It's allowed us to really accelerate all the digital things that I've talked about, whether it's dApply, Dservicing, where we've partnered with third parties to help us really accelerate our capabilities on authentication and fraud, because that's a big area. One of the challenge that we have to always think about is keeping customer information safe, and make sure that we're giving the car to the person who's applying. We're spending a lot of money on data, and working with third parties to really accelerate that.
Margaret Keane (15:23):
That's paying off, and we've seen that the investments that we've made have really helped hold us through this pandemic. But I think one of the things we did, and I'm pretty proud when this pandemic happened, we split our leadership team into three parts, a team that was focused on stabilizing the operation, a team focused on what happens when we come out, and then long term. We actually in nine days, we did all of our strategic initiatives, and actually doubled down on some of the things that were on our laundry list of, "We got to get this in from a digital perspective."
Margaret Keane (15:56):
We've pulled all those things forward, and so I'm pretty bullish on our capabilities, and think we're going to continue to be able to accelerate and be part of this transformation that's happening in payments as well as retail.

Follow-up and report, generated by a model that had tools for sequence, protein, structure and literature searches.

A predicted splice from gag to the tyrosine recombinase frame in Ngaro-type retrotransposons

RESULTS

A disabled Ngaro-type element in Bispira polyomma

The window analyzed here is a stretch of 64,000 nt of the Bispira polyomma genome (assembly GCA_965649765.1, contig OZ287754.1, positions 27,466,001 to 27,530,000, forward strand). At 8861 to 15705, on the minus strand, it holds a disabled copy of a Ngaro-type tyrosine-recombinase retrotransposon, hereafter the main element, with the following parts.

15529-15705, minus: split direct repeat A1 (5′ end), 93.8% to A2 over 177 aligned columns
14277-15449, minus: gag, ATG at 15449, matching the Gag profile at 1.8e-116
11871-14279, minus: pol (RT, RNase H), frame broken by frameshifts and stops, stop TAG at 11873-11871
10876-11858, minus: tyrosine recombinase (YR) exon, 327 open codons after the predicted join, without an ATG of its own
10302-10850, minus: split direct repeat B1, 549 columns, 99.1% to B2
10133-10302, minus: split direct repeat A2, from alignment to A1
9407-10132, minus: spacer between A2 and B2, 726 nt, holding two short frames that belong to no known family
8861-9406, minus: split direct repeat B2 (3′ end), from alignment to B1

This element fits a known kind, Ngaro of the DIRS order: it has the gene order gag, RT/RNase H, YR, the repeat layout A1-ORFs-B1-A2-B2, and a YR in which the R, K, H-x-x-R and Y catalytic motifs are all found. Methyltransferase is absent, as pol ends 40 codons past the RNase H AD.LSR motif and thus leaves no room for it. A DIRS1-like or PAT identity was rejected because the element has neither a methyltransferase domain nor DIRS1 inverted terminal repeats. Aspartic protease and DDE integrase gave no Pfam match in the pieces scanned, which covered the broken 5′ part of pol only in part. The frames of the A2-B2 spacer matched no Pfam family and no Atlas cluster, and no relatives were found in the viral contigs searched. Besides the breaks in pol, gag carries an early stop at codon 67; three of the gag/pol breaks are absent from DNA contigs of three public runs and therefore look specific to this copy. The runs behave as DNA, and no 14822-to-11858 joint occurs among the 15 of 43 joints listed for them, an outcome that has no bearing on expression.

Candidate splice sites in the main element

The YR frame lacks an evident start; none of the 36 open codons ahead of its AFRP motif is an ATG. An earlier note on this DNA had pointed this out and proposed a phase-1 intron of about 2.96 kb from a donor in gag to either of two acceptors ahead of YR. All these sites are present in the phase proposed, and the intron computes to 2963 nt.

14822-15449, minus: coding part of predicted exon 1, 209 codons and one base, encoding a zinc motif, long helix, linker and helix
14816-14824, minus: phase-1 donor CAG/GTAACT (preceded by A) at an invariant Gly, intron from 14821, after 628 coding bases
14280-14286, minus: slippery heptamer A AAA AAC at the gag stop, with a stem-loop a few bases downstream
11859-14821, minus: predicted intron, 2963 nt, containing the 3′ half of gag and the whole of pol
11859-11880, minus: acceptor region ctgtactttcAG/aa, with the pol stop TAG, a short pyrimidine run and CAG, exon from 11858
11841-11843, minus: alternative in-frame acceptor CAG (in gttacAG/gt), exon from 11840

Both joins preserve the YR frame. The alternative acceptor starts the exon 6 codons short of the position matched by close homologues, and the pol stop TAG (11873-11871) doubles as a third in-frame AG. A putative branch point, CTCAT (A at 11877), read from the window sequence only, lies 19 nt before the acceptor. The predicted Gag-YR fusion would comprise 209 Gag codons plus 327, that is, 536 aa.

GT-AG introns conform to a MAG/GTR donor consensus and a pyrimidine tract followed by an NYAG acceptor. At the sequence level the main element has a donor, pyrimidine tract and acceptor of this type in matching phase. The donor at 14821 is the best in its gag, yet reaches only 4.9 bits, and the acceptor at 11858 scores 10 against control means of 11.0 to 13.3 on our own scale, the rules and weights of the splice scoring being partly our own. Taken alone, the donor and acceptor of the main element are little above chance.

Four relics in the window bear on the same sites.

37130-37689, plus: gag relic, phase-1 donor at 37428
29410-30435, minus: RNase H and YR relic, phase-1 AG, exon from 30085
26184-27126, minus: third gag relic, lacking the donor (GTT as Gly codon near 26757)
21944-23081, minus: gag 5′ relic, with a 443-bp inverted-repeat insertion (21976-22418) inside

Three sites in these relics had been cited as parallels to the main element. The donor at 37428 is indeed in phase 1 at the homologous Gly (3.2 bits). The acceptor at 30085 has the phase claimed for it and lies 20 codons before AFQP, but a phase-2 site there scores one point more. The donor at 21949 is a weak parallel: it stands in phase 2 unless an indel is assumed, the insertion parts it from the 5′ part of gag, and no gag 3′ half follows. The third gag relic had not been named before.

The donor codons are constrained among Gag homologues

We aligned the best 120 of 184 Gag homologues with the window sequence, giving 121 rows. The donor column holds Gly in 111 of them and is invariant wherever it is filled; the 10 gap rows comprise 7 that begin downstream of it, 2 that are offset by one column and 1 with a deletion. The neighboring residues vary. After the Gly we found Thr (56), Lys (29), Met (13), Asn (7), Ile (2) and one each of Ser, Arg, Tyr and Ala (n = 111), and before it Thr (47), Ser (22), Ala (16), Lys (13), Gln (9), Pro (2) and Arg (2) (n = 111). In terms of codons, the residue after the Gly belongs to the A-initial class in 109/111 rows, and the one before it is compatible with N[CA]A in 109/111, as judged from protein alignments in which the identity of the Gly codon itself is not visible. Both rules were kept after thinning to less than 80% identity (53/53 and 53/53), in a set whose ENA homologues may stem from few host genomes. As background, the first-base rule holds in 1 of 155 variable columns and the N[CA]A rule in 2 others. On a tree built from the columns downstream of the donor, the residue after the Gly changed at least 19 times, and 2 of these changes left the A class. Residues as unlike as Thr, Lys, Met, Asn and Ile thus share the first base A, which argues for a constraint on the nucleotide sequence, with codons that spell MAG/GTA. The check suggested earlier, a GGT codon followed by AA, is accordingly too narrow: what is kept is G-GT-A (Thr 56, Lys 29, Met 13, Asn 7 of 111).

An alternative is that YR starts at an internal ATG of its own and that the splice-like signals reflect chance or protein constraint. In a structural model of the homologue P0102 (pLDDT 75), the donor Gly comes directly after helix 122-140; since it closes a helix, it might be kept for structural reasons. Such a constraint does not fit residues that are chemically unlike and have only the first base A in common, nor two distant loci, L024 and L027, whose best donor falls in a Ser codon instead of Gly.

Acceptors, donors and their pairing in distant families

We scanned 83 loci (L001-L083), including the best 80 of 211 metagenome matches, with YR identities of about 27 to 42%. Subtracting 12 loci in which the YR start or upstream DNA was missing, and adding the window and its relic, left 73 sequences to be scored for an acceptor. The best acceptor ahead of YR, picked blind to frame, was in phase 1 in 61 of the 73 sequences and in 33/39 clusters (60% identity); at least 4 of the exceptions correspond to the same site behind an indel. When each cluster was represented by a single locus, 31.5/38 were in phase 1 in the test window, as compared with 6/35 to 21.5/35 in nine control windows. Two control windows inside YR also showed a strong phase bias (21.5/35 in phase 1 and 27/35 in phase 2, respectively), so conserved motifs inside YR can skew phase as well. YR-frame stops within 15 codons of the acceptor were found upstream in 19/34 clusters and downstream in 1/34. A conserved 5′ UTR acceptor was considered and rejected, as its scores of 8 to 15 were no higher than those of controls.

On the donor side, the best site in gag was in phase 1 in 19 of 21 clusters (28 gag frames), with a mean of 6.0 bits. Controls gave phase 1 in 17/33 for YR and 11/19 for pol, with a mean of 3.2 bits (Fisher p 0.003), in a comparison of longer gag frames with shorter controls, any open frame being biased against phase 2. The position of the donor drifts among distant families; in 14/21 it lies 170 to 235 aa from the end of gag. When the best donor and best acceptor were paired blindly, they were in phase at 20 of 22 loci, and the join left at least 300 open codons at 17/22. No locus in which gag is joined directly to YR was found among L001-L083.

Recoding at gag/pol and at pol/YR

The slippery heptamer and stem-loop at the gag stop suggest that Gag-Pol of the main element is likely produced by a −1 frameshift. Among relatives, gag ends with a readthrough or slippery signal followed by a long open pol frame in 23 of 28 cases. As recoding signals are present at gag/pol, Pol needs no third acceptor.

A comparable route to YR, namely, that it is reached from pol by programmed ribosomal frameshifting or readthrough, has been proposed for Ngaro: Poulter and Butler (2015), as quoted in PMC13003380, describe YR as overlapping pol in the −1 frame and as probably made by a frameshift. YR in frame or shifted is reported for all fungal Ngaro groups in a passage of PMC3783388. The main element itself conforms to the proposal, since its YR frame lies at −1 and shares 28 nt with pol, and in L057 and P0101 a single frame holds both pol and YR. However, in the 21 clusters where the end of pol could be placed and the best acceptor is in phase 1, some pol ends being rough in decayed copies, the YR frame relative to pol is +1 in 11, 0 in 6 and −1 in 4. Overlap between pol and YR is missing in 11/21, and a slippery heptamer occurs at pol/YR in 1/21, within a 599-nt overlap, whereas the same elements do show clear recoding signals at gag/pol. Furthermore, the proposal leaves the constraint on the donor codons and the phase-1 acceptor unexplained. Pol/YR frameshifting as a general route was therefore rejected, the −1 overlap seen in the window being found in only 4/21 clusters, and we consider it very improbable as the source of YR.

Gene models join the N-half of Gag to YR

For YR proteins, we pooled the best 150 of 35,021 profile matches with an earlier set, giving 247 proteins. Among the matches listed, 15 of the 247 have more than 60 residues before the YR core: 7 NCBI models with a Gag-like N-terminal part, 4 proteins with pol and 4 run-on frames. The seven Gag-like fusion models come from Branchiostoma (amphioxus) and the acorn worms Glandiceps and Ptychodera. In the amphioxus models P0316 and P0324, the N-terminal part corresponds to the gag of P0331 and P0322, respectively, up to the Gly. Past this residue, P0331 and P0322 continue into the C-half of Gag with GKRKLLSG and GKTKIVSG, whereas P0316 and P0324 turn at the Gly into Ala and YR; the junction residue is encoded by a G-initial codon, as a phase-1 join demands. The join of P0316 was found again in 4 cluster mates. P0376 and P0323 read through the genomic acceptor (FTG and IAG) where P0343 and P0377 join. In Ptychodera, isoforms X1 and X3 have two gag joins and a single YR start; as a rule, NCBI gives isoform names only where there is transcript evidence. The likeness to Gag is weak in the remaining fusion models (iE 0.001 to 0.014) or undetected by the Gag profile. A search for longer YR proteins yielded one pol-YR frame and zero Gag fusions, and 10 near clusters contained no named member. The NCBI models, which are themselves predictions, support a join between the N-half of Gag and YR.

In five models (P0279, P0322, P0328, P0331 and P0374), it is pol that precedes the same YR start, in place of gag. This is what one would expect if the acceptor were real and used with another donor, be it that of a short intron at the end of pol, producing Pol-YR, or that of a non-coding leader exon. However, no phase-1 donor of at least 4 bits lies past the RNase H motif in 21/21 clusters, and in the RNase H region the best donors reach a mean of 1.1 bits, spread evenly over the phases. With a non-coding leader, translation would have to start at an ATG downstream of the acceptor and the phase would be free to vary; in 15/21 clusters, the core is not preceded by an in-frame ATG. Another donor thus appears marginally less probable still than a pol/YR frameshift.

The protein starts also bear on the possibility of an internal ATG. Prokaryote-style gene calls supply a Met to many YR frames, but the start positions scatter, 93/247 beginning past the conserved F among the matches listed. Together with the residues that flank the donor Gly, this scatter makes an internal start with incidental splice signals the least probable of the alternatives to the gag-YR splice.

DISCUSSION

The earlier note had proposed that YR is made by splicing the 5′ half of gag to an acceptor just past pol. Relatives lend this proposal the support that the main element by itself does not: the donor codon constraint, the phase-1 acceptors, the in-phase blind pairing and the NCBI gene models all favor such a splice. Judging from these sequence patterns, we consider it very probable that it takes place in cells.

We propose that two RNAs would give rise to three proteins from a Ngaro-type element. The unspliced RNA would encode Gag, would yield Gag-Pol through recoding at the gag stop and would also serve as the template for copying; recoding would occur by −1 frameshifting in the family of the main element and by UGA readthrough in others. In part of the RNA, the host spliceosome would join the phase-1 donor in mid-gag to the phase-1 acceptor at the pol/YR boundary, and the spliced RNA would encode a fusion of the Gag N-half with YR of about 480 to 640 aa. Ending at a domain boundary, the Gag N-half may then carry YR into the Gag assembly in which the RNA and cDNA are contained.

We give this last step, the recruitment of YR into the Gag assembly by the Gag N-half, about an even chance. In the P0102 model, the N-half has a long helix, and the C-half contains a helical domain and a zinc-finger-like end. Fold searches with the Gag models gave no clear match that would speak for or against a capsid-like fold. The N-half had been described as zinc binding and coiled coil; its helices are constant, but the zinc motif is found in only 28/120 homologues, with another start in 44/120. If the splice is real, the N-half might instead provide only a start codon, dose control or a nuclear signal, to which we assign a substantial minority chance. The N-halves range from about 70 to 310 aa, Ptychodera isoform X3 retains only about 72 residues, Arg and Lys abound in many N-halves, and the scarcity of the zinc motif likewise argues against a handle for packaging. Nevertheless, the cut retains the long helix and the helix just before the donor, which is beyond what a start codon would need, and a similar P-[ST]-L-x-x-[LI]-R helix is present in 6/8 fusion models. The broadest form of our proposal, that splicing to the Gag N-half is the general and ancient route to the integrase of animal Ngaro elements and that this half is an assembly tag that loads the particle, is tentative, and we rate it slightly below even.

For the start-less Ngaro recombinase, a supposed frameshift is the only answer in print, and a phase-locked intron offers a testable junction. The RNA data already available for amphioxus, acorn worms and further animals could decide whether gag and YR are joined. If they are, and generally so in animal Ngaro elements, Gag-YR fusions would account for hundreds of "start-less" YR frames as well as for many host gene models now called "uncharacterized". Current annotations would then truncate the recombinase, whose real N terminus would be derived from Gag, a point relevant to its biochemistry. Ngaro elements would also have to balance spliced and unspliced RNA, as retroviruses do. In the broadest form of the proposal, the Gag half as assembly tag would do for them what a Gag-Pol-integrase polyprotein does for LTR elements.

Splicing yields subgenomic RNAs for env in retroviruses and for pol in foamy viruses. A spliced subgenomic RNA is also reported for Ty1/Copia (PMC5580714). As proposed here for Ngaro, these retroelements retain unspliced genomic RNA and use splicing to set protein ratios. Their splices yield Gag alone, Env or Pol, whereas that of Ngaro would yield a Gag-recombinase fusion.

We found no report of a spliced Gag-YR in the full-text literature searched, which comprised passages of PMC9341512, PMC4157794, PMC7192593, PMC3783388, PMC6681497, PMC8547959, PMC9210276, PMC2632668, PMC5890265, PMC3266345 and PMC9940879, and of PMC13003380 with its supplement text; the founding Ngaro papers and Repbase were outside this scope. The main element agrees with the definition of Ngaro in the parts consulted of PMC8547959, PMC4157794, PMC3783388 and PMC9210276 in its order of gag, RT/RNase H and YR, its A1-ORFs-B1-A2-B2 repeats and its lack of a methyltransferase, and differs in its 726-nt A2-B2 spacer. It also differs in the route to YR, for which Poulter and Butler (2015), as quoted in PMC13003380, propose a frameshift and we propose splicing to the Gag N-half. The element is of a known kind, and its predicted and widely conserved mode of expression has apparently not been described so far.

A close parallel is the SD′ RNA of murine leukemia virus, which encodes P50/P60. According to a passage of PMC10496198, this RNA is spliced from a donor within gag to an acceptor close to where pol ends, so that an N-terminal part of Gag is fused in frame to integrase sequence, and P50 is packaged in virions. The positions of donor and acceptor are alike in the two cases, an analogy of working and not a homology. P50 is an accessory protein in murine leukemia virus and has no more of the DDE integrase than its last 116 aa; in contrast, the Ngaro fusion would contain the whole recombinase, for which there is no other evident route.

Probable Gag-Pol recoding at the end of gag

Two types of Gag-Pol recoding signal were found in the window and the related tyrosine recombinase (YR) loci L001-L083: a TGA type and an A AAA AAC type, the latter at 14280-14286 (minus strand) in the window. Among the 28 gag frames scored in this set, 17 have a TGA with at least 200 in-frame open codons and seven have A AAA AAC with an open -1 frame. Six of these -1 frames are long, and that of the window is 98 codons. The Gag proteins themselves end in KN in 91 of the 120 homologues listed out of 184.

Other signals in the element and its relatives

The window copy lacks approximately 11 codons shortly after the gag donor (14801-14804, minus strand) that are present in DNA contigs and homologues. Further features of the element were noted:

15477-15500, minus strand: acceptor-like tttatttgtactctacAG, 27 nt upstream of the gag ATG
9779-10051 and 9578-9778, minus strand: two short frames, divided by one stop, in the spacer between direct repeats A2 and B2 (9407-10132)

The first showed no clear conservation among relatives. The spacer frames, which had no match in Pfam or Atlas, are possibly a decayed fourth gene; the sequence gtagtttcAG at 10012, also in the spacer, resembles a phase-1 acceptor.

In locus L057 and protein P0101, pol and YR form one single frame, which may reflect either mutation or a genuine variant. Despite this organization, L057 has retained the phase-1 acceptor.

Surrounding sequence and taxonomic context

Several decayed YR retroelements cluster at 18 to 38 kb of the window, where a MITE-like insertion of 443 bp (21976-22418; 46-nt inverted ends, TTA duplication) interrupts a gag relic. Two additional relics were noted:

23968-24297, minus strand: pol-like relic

Josh King (16:07):
Diving into some of those initiatives that you're taking, late last year, you announced a new partnership with Venmo. Then earlier this year, another new deal with Verizon, that's NYSE ticker symbol VZ, to launch the first Verizon credit card. These seem to be programs and partners that are a bit different from some of your traditional retailers. Can you talk about the decision to pursue these types of relationships, and what impact do you expect it will drive to your business?
Margaret Keane (16:36):
First, we're excited about both of these. I think partic... They're different in the sense that Venmo is part of PayPal, which is really a payment network and a social system that I think operates in a different way. I think we're very excited. We have a great partnership with PayPal already to be able to work with them on the Venmo card. I think this will, when we are ready to launch, be very integrated, very high tech, great value prop. I think more importantly, it's a growing opportunity for us in terms of how... I'm sure you saw this week, PayPal's really grown. The Venmo business has really grown, so we're really excited about that.
Margaret Keane (17:14):